A method for determining a position of a patient during medical examinations includes the following steps: providing a tabletop for supporting a patient; integrating at least one elongatable strain gauge into the tabletop; and detecting a sagging of the tabletop as a function of a length of the strain gauge elongated due to the sagging.

By using strain gauges, which change in length in accordance with the sagging of the table, and sensors whose data serve to calculate the sagging of the tabletop, a simple and accurate method and apparatus are provided for determining the position of the patient with a substantially high resolution. Due to the provided apparatus, a quality of the images made by medical examination devices is not adversely affected, since there is no longer a need for a rigid and unyielding tabletop.

In one aspect, the strain gauge is integrated into the tabletop in a longitudinal direction of the tabletop. The strain gauge comprises electrically conductive material. Advantageously, the change in length of the strain gauge is detected via a change in an electrical resistance of the strain gauge.

Furthermore, the sensors are advantageously mounted on longitudinal ends of the strain gauge. A data processing device can calculate the sagging of the tabletop based on data measured by the sensors.

The tabletop is secured to a pedestal. In another aspect, pedestal sensors detect forces acting on the pedestal due to the sagging. Advantageously, a correlation between the data measured by the sensors and the pedestal sensors is stored in memory in a data processing device. In still another aspect, the data processing device calculates the sagging of the tabletop based on the data measured by the pedestal sensors and the correlation stored in memory.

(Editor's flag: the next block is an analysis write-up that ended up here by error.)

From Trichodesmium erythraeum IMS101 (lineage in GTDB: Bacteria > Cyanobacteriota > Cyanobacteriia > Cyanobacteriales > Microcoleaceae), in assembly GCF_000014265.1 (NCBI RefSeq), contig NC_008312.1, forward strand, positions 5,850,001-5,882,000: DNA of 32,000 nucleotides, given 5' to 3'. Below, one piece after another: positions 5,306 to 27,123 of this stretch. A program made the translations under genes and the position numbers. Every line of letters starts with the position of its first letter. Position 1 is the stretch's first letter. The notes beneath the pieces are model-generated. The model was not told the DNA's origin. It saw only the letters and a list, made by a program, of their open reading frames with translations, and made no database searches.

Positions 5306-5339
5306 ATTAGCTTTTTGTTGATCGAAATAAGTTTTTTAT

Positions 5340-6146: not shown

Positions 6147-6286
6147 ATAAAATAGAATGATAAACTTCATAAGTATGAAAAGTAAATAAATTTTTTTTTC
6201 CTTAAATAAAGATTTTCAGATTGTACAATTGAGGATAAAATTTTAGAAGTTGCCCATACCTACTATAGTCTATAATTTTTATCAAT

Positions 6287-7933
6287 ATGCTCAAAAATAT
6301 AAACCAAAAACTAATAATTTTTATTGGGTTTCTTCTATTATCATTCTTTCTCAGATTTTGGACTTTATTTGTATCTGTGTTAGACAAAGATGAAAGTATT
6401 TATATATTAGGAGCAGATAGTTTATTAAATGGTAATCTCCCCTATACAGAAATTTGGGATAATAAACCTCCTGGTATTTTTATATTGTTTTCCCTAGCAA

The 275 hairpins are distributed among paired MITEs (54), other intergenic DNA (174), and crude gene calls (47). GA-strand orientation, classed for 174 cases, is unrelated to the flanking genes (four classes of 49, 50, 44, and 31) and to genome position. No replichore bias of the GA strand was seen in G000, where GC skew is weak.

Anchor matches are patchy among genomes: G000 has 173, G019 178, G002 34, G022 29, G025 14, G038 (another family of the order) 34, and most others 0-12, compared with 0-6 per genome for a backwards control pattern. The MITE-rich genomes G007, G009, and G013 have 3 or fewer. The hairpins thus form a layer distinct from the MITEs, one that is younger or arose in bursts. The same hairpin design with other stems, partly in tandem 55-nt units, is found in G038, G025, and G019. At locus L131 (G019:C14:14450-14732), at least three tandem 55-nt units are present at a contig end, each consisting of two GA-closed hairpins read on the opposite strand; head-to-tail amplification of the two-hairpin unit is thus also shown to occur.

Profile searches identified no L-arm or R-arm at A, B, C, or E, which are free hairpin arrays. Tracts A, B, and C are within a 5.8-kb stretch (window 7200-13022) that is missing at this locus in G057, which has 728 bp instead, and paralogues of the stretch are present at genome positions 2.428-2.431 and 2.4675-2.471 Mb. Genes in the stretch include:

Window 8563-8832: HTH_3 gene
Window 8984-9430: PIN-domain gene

Illustrative and exemplary embodiments are described in further detail below with reference to, and in conjunction with, the figures.

BRIEF DESCRIPTION OF SEVERAL VIEWS OF THE DRAWINGS

FIGS. 1A and 1B show side views of exemplary embodiments of the apparatus for determining a position of a patient during medical examinations;

FIG. 2 is a plan view of the apparatus of FIGS. 1A and 1B;

FIG. 3 is a side view of an alternate apparatus for determining a position of a patient during medical examinations; and

FIG. 4 is a schematic block diagram of a system of the apparatus for determining a position of a patient during medical examinations.

DETAILED DESCRIPTION

FIGS. 1A and 1B show side views of an apparatus with a tabletop 2 on which a patient 1 can be supported for the sake of a medical examination. A material used to manufacture the tabletop 2 is configured to suit the examination technique employed. At least one strain gauge 3 is integrated with the tabletop 2. The at least one strain gauge 3 extends in the longitudinal direction of the tabletop 2, but may also have different orientations, such as transversely to the longitudinal direction or vertically. A plurality of strain gauges, with similar or different orientations, may be integrated into the tabletop 2. For the sake of better understanding, the longitudinal direction of the tabletop is identified by the X-axis of a coordinate system, and a vertical direction of the tabletop is identified by the Z-axis of the coordinate system, as shown in FIGS. 1A and 1B. The weight of the patient 1 causes a sagging ΔZ of the tabletop 2, as shown in FIG. 1B. The strain gauge 3 integrated in the X direction of the tabletop 2 elongates when the tabletop sags, and the change in length of the strain gauge 3 is proportional to the sagging ΔZ of the tabletop 2. The more the tabletop sags, the greater the change in length of the strain gauge 3.